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Some practical advice on Schengen visa

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Jul 24th, 2011, 06:17 AM
  #1
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Some practical advice on Schengen visa

So I've been in Spain for about two months at this point and was initially only planning to stay the allotted 90 days but have to deal with a rather serious situation that's going to require I stay here a total of five months rather than three. I realize this will put me in violation and I'm wondering what the best approach is given that. It's an option to leave and then re-enter before my initial 90 days is up but I imagine that doesn't reset the 90 day counter, it just prolongs it by the length of time I'm out of the Schengen area. What is the risk when leaving Spain after five months? How likely is it I will get fined etc?

Thanks for the time
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Jul 24th, 2011, 06:38 AM
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If you overstay you are an illegal immigrant

big fines deportation never to be allowed back etc...

en.wikipedia.org/wiki/Schengen
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Jul 24th, 2011, 06:38 AM
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If you overstay you are an illegal immigrant

big fines deportation never to be allowed back etc...

en.wikipedia.org/wiki/Schengen
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Jul 24th, 2011, 07:06 AM
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Depending on what the serious situation is you may be able to get some sort of an extension - why not contact the town hall or local police in the town where you are staying to find out if something is possible.

If you do an online search you may find some information to help you.

If you overstay you are illegal, you have no insurance cover, and risk a fine, deportation (unlikely though) or a stamp in your passport refusing you re-entry into Schengen.

Leaving will not reset the counter - it is any 90 days in 180. If you can leave to reset the counter then why can't you leave legally anyway?
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Jul 24th, 2011, 07:30 AM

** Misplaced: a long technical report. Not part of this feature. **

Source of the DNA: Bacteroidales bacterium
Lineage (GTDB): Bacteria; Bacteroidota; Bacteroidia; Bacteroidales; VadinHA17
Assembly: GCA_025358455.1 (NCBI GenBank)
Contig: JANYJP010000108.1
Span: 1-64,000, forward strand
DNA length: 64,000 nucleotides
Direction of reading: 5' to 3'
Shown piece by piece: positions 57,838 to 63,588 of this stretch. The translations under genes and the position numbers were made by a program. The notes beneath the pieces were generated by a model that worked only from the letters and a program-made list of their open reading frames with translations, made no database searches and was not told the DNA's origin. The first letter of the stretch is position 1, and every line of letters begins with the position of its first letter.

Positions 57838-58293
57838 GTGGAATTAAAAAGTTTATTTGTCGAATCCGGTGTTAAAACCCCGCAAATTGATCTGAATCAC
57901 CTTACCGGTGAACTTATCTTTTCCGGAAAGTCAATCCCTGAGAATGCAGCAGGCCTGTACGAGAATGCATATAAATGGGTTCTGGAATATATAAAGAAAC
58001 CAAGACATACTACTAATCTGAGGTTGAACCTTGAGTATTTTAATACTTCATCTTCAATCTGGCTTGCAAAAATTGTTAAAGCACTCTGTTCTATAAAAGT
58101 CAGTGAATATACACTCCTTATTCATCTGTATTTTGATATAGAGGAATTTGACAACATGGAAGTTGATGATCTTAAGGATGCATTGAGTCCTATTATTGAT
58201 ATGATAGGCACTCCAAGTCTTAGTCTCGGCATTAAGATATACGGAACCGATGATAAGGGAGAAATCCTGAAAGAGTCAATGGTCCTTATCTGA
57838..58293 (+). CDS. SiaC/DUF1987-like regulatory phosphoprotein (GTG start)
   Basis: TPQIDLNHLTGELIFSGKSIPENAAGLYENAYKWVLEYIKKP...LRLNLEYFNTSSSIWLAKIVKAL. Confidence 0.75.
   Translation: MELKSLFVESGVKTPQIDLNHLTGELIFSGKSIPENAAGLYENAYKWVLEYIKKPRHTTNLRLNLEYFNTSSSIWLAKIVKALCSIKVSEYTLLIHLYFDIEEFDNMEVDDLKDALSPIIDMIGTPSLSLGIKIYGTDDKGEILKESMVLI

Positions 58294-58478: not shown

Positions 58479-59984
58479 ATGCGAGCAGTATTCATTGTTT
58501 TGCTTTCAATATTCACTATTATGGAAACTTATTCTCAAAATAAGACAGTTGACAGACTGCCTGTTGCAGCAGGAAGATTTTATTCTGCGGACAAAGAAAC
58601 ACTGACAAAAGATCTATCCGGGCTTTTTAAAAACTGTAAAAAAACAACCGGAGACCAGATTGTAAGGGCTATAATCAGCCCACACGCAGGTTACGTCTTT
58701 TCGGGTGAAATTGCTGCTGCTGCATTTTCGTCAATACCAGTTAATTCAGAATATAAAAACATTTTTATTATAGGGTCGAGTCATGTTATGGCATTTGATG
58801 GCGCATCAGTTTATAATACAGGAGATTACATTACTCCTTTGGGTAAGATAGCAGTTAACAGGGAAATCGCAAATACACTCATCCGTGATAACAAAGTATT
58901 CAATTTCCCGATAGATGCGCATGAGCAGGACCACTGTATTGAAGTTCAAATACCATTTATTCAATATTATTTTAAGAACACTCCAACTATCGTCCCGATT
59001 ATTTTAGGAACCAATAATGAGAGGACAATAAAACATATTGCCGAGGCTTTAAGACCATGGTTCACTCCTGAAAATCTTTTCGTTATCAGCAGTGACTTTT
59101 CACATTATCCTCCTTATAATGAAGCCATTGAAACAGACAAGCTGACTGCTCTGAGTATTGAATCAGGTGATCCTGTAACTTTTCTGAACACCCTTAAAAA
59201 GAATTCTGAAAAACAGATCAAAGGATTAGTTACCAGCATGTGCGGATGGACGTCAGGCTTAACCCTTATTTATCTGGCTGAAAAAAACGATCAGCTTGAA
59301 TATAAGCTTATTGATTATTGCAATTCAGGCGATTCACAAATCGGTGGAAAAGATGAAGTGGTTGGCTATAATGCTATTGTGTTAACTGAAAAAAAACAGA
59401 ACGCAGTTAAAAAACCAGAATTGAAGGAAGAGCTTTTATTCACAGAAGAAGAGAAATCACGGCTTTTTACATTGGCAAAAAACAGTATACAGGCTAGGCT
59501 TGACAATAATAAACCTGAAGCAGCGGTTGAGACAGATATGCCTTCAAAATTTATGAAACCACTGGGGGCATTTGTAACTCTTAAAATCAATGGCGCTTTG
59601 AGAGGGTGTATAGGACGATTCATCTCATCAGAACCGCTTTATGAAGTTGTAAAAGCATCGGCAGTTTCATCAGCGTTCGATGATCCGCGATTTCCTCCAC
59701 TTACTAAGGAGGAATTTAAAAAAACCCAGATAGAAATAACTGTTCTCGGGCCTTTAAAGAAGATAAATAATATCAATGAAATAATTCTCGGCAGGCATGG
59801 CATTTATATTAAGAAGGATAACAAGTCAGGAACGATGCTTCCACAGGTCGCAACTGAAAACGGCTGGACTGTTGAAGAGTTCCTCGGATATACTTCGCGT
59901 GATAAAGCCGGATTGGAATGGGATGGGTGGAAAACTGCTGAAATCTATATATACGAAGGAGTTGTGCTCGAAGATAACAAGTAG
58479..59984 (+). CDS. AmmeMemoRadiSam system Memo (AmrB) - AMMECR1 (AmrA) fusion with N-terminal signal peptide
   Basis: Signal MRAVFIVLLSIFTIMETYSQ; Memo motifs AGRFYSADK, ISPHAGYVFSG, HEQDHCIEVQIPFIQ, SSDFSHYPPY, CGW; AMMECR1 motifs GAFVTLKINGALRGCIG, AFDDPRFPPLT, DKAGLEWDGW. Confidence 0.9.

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Check with the local authorities ASAP. Also do you know where your nearest embassy (are you US, Canadian, Aussie, etc.?) is? But first should be the local auth. where you are in Spain. Your own embassy is most likely to defer to them anyway, as it is a Schengen situation. Is there a local expat community you can contact for help? If you get the paperwork started where you are currently in residence in Spain, it may help expedite the process for obtaining a Schengen visa. You may also be able to identify sources to help satisfy some of the requirements for an extended Schengen visa where you currently are in Spain. If you leave now, you will have whatever remains of your original "90 days" when you go back.
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Jul 24th, 2011, 07:38 AM
  #6
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Thanks Heti

I will definitely try to the local town hall to see if I can get an extension but it's nothing really documentable so I imagine it will be tough. Basically I have a sick friend that I'm taking care of, but it's nothing formal really.

As for the leaving to reset the counter, I would only be leaving for a brief period. Basically my thinking was that if I leave and then come back they will stamp my passport a second time coming back into the EU and I will be able to claim a misunderstanding when I go to leave Spain, which would hopefully lessen my risk of a fine.

I'm willing to take the risk for two months that i won't get unlucky and have to show my passport to a policeman. My primary worry is what the process is at the airport when I fly back to America from here. Is there pretty much always a Spanish official who will check to make sure that I haven't been here too long?
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Jul 24th, 2011, 08:38 AM
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Fundamentally it comes down to this: if you overstay the 90 days, you are breaking the law.

I see by your attitude that this is something of a casual "I'll just do this and try to get away with it" approach.

Good luck.

If you think it's worth the risk of not ever being allowed into the Schengen countries again, then go for it.